Depending on where you live, it will probably be easier to get your hands on a brisket than a tri tip. Most major supermarkets and local grocers carry some manner of brisket, even if it’s just the flat or the point. Tri tip is harder to come by, especially in more rural spots. Some smaller specialty markets might have it in stock, but if you live in a less populated area of the country, you’ll probably have to do some serious digging if you have your heart set on this cut.
In this section, we’ll clue you in on how to prepare both brisket and tri tip to get the most satisfying results from each.
How To Smoke Brisket
1. Make sure the brisket is properly chilled. This will make your trimming job that much easier.
2. Using a boning knife, remove the deckle (the thick membrane) from the brisket. Trim off the excess fat until you’re left with a cap about 1/4 inch thick.
3. Let the brisket sit at room temperature for 30 minutes.
4. Apply the seasoning rub, working it all over the surface of the meat so it adheres.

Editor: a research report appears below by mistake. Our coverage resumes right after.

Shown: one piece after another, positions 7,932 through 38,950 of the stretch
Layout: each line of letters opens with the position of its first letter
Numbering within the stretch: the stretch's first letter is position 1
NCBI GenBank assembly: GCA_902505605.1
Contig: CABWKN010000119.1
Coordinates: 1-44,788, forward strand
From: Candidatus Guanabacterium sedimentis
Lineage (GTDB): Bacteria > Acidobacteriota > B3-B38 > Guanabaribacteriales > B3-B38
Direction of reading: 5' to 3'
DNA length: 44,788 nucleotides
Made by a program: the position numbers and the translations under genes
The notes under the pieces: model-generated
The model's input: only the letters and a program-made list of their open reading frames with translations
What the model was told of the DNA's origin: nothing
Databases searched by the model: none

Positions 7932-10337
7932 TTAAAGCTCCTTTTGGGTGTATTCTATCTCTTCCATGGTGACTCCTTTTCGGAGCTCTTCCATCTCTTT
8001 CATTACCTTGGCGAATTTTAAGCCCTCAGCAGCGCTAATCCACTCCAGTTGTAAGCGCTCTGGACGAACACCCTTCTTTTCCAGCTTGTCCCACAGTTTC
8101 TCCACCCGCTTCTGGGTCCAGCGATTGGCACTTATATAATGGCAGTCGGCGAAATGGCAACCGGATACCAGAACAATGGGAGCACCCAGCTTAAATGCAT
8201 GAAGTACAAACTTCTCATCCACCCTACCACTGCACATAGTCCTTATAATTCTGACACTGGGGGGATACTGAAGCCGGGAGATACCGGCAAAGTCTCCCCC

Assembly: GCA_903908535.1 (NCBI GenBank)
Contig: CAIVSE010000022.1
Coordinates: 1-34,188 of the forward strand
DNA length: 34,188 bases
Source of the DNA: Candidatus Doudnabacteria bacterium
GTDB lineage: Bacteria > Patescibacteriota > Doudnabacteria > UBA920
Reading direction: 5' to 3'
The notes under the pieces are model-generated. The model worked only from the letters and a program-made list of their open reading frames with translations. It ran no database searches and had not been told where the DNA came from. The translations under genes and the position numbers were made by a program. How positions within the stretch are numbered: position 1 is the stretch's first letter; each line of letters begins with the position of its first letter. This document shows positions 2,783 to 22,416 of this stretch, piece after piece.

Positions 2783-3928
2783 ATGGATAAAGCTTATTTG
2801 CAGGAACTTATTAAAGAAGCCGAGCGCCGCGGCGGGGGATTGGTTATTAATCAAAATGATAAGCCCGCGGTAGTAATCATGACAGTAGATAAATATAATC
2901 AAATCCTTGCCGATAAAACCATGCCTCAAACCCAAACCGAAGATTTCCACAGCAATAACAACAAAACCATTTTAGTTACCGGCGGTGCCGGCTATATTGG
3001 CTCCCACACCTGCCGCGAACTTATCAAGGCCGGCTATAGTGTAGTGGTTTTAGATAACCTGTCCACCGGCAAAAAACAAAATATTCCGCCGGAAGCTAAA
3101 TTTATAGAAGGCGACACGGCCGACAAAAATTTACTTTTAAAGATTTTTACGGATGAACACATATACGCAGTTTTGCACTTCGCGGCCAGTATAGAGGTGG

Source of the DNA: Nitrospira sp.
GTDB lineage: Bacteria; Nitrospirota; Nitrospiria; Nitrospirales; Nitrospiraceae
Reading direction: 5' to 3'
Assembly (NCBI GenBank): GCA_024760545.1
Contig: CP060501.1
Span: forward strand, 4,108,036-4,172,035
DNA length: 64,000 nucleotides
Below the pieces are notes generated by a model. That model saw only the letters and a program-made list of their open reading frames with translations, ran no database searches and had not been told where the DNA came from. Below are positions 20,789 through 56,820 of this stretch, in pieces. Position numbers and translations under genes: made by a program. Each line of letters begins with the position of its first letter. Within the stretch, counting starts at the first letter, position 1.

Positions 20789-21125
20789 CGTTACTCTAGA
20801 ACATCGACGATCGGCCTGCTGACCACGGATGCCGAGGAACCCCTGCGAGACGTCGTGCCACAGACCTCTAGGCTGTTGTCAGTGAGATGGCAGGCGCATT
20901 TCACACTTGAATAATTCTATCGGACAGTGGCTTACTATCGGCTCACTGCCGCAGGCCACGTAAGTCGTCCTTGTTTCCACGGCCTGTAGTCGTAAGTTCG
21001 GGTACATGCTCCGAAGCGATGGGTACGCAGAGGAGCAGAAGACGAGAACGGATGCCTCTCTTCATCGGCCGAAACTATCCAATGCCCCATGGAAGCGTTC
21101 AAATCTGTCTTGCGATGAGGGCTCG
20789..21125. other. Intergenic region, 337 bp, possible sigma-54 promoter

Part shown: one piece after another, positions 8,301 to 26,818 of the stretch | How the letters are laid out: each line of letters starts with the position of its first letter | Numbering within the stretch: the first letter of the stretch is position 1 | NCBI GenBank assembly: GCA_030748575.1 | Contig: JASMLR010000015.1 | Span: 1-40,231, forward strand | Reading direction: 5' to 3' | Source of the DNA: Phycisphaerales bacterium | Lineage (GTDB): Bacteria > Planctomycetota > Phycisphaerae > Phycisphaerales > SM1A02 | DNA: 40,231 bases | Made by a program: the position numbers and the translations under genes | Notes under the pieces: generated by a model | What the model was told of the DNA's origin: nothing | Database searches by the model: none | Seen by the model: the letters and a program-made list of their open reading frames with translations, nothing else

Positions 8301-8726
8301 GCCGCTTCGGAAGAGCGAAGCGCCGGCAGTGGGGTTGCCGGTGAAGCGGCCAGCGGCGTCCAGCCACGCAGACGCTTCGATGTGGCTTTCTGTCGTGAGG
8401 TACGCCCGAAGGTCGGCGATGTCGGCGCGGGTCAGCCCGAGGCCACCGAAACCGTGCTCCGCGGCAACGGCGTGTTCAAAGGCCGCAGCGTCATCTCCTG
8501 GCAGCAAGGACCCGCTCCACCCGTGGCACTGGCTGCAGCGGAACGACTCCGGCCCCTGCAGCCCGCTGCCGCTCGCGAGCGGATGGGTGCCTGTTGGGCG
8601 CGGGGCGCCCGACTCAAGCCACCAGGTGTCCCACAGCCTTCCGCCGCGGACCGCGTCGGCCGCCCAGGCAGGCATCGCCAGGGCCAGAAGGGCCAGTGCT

5. Allow the brisket to sit at room temperature for another hour to let the seasoning penetrate the meat. The salt will “dry brine” the brisket during this time, which will make the finished brisket unbelievably juicy.
6. Set the smoker to 225 degrees Fahrenheit. Depending on the type of smoker you use, you might want to do this as soon as you’ve applied the seasoning rub.
7. Add the brisket to the smoker with the fat cap facing up.
8. Smoke the meat for at least 1.5 hours per pound, checking the temperature periodically with an instant-read meat thermometer.
*NOTE: When the brisket hits a window of 150-160 degrees, the temperature will appear to freeze in place for a couple of hours. This is known as the “stall,” and it occurs when the moisture in the meat begins to evaporate, thereby wicking away the heat. It’s a perfectly normal phenomenon, so don’t panic when the thermometer doesn’t rise for a while.
9. When the brisket reaches an internal temperature of 195 degrees Fahrenheit, it’s time to take it out of the smoker. Wrap the brisket in a layer of parchment paper, then a second layer of aluminum foil.